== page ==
The unfortunate truth is that we live in a deeply polarized, partisan, intolerant, and often unempathetic world. The disconnection and self-imposed social distancing that results has had a cascading effect felt from the family unit to the White House. Whether we like it or not though, we we are a part of a collective consciousness that includes all, even those with opposing viewpoints. And thus, to heal wounds that keep us apart, it only takes one person at a time.
This is why it’s important to learn how to communicate with those you don’t agree with, no matter how immoral, unfair, or wrong you perceive them to be. It’s a skill that can take time to cultivate. In this post, we’ll share a few tips that may help you in this pursuit.
Step 1: Find the Space
“Between stimulus and response there is a space. In that space is our power to choose our response. In our response lies our growth and our freedom.” -Victor Frankl
Quick, rash, and unthoughtful reactions are easy to execute, but they usually bring regret in hindsight. This makes it the perfect target for personal improvement.
To find the space between someone’s words or actions and your reaction, you may find it useful to first work on finding space throughout your day. Self-care exercises like conscious breathing, mindfulness, and body awareness can allow you to more easily come back to center when faced with challenges like arguments and disagreements. Once you can find space in your own mind, you’ll be more equipped to tackle finding the space in more uncomfortable situations.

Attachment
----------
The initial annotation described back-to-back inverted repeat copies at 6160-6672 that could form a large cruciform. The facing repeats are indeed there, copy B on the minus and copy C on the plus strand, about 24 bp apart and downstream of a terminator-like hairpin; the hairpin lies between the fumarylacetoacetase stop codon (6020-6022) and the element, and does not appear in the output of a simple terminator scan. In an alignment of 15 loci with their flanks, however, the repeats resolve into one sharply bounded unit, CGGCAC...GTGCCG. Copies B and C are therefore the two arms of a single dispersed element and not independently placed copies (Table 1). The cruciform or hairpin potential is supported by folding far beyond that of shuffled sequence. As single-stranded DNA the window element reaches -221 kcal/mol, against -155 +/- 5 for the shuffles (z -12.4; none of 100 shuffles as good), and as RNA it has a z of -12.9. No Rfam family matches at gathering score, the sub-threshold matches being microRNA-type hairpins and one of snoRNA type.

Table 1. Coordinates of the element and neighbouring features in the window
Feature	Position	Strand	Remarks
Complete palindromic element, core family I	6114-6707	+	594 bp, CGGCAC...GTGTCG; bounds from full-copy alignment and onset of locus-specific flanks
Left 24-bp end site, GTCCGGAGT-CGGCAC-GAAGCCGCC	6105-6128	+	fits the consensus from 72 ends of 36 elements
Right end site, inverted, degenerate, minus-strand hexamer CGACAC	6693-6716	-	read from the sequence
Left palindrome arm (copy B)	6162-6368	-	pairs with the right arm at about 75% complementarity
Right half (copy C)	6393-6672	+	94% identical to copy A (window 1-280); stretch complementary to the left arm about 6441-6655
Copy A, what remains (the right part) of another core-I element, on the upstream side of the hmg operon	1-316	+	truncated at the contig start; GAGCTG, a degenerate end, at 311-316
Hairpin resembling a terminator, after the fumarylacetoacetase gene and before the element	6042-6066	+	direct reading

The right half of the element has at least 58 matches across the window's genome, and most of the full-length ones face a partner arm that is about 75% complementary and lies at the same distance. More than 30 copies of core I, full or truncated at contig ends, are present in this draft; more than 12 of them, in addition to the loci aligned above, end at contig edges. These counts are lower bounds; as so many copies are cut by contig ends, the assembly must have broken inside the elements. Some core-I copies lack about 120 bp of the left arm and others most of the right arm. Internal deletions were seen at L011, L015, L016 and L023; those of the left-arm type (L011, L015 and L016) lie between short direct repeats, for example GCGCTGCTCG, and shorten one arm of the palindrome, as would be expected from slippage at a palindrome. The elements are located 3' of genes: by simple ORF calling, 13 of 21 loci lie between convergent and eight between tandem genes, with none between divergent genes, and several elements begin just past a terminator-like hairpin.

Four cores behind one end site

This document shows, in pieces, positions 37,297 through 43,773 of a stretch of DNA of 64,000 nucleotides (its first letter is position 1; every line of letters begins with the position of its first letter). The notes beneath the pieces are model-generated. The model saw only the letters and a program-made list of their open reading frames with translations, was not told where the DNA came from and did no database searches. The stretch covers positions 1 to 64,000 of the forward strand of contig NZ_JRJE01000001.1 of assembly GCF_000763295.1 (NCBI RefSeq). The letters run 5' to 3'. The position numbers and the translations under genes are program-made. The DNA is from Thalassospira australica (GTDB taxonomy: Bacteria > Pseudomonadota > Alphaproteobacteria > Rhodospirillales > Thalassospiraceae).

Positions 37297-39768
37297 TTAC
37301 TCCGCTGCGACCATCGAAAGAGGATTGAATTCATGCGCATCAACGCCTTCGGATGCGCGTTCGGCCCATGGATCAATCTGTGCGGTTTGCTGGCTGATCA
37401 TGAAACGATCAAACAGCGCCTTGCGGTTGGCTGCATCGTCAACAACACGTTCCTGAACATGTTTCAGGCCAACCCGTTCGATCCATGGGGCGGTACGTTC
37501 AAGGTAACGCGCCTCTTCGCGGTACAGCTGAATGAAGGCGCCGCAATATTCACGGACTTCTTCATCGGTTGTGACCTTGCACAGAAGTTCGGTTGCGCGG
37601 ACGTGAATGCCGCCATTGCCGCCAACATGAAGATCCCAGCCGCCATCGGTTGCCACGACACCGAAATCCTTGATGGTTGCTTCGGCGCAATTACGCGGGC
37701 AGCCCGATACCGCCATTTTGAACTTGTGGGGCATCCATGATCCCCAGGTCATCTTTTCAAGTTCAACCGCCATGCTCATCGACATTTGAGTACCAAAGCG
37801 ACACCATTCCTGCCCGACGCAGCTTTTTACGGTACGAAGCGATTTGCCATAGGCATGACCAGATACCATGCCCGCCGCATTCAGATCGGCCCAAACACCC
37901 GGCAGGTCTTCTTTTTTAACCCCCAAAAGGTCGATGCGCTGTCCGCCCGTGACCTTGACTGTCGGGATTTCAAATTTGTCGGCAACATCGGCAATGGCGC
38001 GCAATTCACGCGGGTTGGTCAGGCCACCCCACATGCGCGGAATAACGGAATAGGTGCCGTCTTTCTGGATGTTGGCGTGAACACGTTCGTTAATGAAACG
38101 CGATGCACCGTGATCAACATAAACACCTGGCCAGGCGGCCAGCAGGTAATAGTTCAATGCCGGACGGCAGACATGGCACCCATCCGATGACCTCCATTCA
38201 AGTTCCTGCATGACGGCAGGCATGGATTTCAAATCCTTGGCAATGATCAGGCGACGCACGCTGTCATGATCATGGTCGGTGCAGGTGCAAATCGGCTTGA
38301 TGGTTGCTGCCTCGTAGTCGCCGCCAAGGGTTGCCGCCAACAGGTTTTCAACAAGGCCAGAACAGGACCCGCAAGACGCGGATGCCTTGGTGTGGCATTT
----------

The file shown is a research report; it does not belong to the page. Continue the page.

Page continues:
Step 2: Practice Compassion
When having difficult conversations, it’s always important to remember that everyone is doing the best that they can in that moment. If the person you are struggling to find common ground with is close to you, consistently remind yourself of how important they are to you and your love for them. With this realization, you’ll find the tension dissipate. If the person is unfamiliar to you, do your best to relate to them in any way possible. Find the humanity in their life and perspective. If it’s not immediately visible, keep searching and ask questions. It’s there.
Having compassion does not necessarily mean completely letting go of your view or perspective if you feel it hasn’t been properly addressed. But it may take some of the urgency away from the need to feel correct.
Step 3: Forgive
Nobody’s perfect. The most long-lasting relationships are those where both sides can move on and forgive each other for anything. Forgiveness is an act of peace, and a marker of unconditional acceptance.
Step 4: Keep Practicing
Luckily, you have a whole lifetime to do just that! You can only make progress one step at a time. Remember, having meaningful, positive conversations with opposing perspectives is a worthwhile pursuit. We hope that we’ve helped you gain insight into aa skill that can actively make the world a more connected place.